Built on a challenging hillside site and tucked behind a thicket of trees, the Bridgman, Michigan, house designed by Scott Rappe provides a modern weekend retreat for a Chicago couple.
Built on a challenging hillside site and tucked behind a thicket of trees, the Bridgman, Michigan, house designed by Scott Rappe provides a modern weekend retreat for a Chicago couple. “One of my first responsibilities was getting the owners up to their house and essentially on one level. Because of the pie-shaped property, we needed to push the building up the hill to provide square footage for the program. By keeping the building perpendicular to the slope, using piloti on one side and a retaining wall on the dune side, we were able to insert foundations with minimal disturbance," says Rappe.
To clad the garage, Rappe opted for thermally treated poplar by Cambia. While it has a similar look to ipe, the wood is more durable, needs little maintenance, and is more affordable. The warm tone contrasts the aluminum siding Rappe used on the upper portion. "The home has a slim profile," he says. "We wanted to change the material on the garage level to give the impression that it's long and low."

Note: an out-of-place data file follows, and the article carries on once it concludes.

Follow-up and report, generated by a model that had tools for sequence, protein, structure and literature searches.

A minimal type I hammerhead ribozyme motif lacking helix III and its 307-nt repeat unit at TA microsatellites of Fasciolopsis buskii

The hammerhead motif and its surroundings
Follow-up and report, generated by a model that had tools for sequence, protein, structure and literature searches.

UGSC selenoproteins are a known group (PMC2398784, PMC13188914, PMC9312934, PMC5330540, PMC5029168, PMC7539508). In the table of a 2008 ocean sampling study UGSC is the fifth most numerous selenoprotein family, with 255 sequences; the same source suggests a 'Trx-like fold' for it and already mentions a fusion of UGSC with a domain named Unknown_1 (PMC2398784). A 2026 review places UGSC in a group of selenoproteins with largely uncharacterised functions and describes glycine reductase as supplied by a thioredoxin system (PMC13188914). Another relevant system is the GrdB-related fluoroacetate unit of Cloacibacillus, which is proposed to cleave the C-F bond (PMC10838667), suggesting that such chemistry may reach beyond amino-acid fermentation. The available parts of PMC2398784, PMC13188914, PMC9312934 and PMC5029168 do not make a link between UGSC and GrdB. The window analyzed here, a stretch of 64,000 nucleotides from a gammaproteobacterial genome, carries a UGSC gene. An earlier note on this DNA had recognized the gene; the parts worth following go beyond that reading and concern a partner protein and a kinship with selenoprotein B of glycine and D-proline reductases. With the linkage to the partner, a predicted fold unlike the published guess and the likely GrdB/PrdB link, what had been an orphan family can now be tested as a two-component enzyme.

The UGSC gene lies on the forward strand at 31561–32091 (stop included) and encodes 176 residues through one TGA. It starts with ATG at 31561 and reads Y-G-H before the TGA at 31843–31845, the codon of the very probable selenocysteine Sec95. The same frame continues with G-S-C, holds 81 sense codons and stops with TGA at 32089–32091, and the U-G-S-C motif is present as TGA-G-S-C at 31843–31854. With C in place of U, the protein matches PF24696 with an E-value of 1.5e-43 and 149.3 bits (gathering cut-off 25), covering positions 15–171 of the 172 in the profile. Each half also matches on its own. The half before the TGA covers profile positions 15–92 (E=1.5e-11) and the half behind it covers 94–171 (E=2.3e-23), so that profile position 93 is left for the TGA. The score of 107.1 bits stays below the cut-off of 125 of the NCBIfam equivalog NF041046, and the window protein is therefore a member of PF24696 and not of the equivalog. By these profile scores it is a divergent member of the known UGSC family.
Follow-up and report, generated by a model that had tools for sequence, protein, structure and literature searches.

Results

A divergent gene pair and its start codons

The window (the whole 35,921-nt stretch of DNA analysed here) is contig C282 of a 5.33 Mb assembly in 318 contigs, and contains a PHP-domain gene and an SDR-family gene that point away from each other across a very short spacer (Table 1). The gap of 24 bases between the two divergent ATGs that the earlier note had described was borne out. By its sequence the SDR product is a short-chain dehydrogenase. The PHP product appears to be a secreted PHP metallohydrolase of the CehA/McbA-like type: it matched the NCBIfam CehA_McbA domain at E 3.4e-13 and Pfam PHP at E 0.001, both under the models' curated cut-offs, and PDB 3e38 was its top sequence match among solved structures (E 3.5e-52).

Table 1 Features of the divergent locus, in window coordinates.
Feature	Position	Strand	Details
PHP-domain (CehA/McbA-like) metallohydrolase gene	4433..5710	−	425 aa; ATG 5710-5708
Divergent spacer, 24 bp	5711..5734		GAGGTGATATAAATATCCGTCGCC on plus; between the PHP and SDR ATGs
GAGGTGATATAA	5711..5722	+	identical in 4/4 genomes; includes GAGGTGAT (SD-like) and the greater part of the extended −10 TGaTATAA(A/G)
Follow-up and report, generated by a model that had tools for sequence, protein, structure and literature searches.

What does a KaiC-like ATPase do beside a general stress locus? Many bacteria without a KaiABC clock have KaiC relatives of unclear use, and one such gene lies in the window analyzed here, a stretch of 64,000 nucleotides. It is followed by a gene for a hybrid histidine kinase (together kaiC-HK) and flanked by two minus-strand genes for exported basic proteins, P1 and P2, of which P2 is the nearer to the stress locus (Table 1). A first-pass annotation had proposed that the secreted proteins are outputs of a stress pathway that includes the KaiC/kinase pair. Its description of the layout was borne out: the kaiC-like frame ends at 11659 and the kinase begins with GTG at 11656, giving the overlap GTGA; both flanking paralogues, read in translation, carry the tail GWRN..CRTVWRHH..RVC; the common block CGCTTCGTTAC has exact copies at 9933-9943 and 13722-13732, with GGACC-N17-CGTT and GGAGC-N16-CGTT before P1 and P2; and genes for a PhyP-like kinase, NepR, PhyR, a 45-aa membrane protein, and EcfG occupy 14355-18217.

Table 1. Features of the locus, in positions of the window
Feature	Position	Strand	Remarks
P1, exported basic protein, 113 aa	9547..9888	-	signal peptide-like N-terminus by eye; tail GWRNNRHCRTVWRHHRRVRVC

The bank of windows on the rear facade faces a lush hillside. "The prototypical country house wants to look over and out on the land," says Rappe. "This house looks at the slope upward. It makes for a different sense of space." Rappe was very careful to ensure that the house would not be visible from the existing properties and that neighboring houses would not be visible from within his design. "We wanted to do a home that was attractive to our clients but not too obtrusive to neighbors," he adds. "We wanted to be good modernists."
The restrained interior features a custom kitchen with dark cabinetry. Rappe designed it to receed into the space, allowing the views from the window and light streaming through the clerestory to steal the show. He wrapped the island in marble and selected Bosch appliances.
The residents hope to retire in the house, which led Rappe to consider their mobility in years to come. To that end, he restricted the main living space to one level, kept the light switches and cabinet pulls at a low height, and used handles instead of knobs on the doors. "It's always good to default on the side of universal design," he says. Kathleen Hess helped the residents select the furnishings.